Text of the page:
Are you ready for genetically engineered foods?
Doesn’t sound appetizing, does it?
But what if it means getting a tomato that tastes vine-ripened, with all the great flavor of fresh-picked fruit? Or potatoes that absorb less fat and make healthier and tastier potato chips? Or more nutritious peas, squash, beets, cantaloupes, cherries, radishes, and on and on?
All this is expected to result from a new technique known variously as gene-splicing, recombinant DNA, or genetic engineering. DNA is the genetic material that controls all the traits of a living thing.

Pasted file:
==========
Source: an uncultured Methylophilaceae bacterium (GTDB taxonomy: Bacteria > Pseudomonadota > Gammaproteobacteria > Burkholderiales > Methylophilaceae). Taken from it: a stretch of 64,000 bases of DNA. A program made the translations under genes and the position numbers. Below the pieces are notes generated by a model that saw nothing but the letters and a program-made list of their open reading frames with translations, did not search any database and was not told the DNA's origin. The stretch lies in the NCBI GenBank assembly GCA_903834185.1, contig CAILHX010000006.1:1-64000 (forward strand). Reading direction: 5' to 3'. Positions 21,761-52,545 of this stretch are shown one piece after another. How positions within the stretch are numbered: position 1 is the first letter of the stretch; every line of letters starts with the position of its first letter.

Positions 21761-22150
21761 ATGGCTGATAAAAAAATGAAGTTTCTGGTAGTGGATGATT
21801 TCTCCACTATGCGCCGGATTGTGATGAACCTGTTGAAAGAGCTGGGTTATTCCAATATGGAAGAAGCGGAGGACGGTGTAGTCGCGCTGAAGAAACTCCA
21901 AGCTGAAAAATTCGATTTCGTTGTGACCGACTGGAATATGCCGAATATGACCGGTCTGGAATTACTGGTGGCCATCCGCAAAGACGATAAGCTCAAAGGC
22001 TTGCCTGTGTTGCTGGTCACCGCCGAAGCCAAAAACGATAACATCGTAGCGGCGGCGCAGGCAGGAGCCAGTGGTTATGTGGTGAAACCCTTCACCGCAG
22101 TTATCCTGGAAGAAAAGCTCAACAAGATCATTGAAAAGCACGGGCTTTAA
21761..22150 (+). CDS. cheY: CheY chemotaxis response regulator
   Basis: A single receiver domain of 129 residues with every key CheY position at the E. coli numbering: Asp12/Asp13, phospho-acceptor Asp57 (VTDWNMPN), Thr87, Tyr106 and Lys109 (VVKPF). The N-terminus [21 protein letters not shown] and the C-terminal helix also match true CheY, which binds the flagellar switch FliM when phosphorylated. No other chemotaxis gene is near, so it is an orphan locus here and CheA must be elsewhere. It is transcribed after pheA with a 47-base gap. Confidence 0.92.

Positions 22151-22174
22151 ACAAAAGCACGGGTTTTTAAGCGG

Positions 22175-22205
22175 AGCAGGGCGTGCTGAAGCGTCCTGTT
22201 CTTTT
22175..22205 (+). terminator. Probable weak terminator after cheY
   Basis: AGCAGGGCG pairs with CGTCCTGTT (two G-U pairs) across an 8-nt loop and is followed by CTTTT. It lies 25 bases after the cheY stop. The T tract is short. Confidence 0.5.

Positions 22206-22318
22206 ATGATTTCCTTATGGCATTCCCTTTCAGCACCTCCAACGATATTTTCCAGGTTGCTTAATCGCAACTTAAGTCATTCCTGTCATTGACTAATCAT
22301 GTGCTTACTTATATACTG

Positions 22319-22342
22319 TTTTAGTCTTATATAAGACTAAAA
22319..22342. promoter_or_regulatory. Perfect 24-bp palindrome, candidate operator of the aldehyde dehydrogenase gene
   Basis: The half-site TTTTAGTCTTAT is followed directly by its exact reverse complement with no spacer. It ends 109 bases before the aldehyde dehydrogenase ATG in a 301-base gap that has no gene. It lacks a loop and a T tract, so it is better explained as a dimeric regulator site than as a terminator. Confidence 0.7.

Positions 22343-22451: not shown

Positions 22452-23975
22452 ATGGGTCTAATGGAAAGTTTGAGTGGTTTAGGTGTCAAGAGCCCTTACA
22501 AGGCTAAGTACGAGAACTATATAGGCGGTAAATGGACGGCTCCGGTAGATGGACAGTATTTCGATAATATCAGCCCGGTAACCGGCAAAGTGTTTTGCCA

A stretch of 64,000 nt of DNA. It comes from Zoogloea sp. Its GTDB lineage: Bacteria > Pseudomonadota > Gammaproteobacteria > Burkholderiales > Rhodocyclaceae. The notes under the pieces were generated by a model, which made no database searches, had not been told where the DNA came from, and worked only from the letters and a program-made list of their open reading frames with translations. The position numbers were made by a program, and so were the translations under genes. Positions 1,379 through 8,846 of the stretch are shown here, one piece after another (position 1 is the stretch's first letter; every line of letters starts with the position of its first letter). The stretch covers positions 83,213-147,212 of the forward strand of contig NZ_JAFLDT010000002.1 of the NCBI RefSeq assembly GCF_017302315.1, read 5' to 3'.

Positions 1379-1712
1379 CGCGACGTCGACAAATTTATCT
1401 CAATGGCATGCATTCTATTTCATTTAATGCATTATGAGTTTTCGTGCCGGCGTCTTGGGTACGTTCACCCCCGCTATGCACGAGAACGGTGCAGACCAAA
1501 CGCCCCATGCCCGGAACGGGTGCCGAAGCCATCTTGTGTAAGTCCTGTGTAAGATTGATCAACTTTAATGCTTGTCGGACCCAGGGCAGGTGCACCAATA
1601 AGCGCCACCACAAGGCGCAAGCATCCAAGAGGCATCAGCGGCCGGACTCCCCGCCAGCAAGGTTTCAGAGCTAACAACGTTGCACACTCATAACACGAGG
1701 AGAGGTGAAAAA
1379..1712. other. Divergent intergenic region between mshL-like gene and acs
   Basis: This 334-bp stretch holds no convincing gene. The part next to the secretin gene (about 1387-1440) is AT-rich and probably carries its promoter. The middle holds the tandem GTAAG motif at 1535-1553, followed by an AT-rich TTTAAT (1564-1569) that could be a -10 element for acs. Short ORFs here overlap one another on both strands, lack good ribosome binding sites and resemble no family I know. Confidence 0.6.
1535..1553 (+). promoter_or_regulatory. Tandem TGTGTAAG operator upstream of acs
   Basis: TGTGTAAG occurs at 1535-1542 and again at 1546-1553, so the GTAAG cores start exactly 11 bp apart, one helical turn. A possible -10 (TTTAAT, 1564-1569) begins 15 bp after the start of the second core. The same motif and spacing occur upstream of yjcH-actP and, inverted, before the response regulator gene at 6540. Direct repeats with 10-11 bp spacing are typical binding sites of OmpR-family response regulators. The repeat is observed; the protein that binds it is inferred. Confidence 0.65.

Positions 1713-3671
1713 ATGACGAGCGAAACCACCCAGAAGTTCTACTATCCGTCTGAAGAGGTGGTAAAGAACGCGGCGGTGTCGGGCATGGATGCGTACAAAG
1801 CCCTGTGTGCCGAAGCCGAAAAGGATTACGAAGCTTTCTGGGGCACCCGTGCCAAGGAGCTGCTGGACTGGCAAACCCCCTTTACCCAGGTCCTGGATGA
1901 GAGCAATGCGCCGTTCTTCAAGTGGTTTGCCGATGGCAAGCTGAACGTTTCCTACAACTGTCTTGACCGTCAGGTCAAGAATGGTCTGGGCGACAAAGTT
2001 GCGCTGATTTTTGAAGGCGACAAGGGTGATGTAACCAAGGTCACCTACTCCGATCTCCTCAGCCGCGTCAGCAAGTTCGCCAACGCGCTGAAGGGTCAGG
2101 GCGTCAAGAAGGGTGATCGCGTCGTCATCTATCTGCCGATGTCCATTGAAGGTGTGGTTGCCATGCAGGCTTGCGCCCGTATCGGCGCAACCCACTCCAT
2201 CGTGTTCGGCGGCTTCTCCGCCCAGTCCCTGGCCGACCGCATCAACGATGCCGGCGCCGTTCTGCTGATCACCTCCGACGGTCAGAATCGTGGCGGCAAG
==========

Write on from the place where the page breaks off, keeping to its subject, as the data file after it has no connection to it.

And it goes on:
The process that makes these new foods possible involves combining, or splicing, a single gene from a fruit’s or vegetable’s DNA with a beneficial gene from a mammal,…